When It’s Hard to Forgive

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In Matthew 18:21-35, Peter asks Jesus how many times he should forgive someone whenever they sin against them, as much as seven times? Jesus replies by saying not seven times, but seventy-seven times. He then tells the parable of the unforgiving servant.

A servant owed a King ten thousand talents – the equivalent to millions of dollars today. But the King had compassion on the servant and mercifully canceled his debt. However, shortly after the incident, the same servant was not so gracious with another man who owed him one hundred denarii- the equivalent to a few dollars.

When the King heard that the servant he had graciously had mercy on did not have the same mercy on another, he was furious. He sought the servant and threw him in jail until he paid every penny.

How often are we the unmerciful servant? We are unable to forgive others the measly few dollars they may owe us, while God is the King who has forgiven us the millions of dollars we owe Him. Not only do we offer little grace towards others but we tend to harbor bitter grudges against them. Sadly, I know I am guilty of this.

But here’s the truth, because of our sin and other’s sin, there is no way to go through life without getting hurt. We will get hurt by others because we live in a fallen, sinful world.

1 Corinthians 13 says, “Love keeps no records of wrong. It is always patient, it bears all things, believes all things, hopes all things, endures all things.” So to do anything other than that is not love, it is hate- to do Satan’s work. Jesus’ greatest command was to love the Lord your God with all your heart, with all your soul, and with all your mind and to love your neighbor as yourself.

If we choose not to forgive and keep records of wrongs, we will grow into old, bitter men and women. Not only is that unattractive, but it is not the way of the Prince of Peace.

I seem to, and I think we have as a culture, forgotten to love people just the way they are. Instead, we demand they change into the people we deem them to be, and if they don’t, they aren’t worth our time or love. We expect perfection in their performance and any flaw or defect is not acceptable.

We refuse to forgive the dollar our friend or coworker might owe us, when God is enthroned in heaven already forgiven us our millions we owe Him. How crazy is that?

For if you forgive men when they sin against you, your heavenly Father will also forgive you. But if you do not forgive men their sins, your Father will not forgive your sins. – Matthew 6:14-15

So whether it’s something you consider small or large, take it to Jesus. He cares about the details of your life. It hurts Him to see you hurt. He is longing to redeem, protect, and rescue you. And He works everything for the good of those who love Him. 

I have been feeling so much freedom lately from doing something Ney Bailey mentions in her book Faith Is Not a Feeling. Reading her book, I realized I held onto a lot of grudges and bitterness towards others in the past. God does not want us to live like this and it was holding me back spiritually.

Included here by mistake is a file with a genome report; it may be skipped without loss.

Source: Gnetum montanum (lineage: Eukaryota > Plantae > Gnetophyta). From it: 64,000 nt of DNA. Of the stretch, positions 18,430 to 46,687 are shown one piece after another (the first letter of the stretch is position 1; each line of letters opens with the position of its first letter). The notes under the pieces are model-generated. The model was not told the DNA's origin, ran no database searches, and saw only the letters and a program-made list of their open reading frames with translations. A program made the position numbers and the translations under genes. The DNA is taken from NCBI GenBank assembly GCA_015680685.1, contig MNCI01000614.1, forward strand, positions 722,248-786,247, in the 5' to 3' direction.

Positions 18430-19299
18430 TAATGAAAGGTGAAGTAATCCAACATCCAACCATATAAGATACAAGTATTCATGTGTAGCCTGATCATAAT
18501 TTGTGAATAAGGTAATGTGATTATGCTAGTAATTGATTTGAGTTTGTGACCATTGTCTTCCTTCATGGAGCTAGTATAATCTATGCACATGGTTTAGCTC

I wrote down every single person or situation that bothered or upset me. I then went through the list and thanked God and prayed for each person and situation. I can’t even explain the immediate relief I felt. It was truly supernatural. And although at times there have been moments I feel bitterness trying to creep back up, I simply thank God again and pray big, bold prayers.

Doing this also opened my eyes to see areas where I needed to go and ask others for forgiveness. I’ve found so much freedom from the past and joy in the present knowing God is in control of every relationship and circumstance I’m in. He sees when I’m hurt and he sees when I choose to forgive, no matter how hard it may be.

Do I really smother my own joy because I believe that anger achieves more than love? That Satan’s way is more powerful, more practical, more fulfilling in my daily life than Jesus’ way? Why else get angry? Isn’t it because I think complaining, exasperation, resentment, will pound me up into the full life I really want? When I choose- and it is a choice- to crush joy with bitterness, am I not purposefully choosing to take the way of the Prince of the Darkness? Choosing the angry way of Lucifer because I think it is more effective- more expedient- than giving thanks?  – Ann Voskamp

What I’m learning is that forgiveness is just as much for us, if not more, than for the other person. Jesus says to forgive others because He wants to spare us from the chains of bitterness and hatred that will bind us down and keep us from the abundant life He has for us.

There may not be reconciliation or relief, but there can always be forgiveness. We must continually remind ourselves, “ten thousand talents, that’s what I owe, how can I turn and not forgive others one hundred denarii.”

If another believer sins against you, go privately and point out the offense. If the other person listens and confesses it, you have won that person back. – Matthew 18:15

Maybe you need to ask someone for forgiveness or finally forgive that person from your past that hurt you? Don’t wait another second. Go somewhere private, and pray big, faith-filled prayers asking for forgiveness and deliverance from bitterness and resentment. There is freedom, relief, and favor from God waiting for you when you forgive. And if God graciously forgives our sins past, present, and future, how can we not turn and have the same mercy and grace on our neighbor?  

3 thoughts on “When It’s Hard to Forgive

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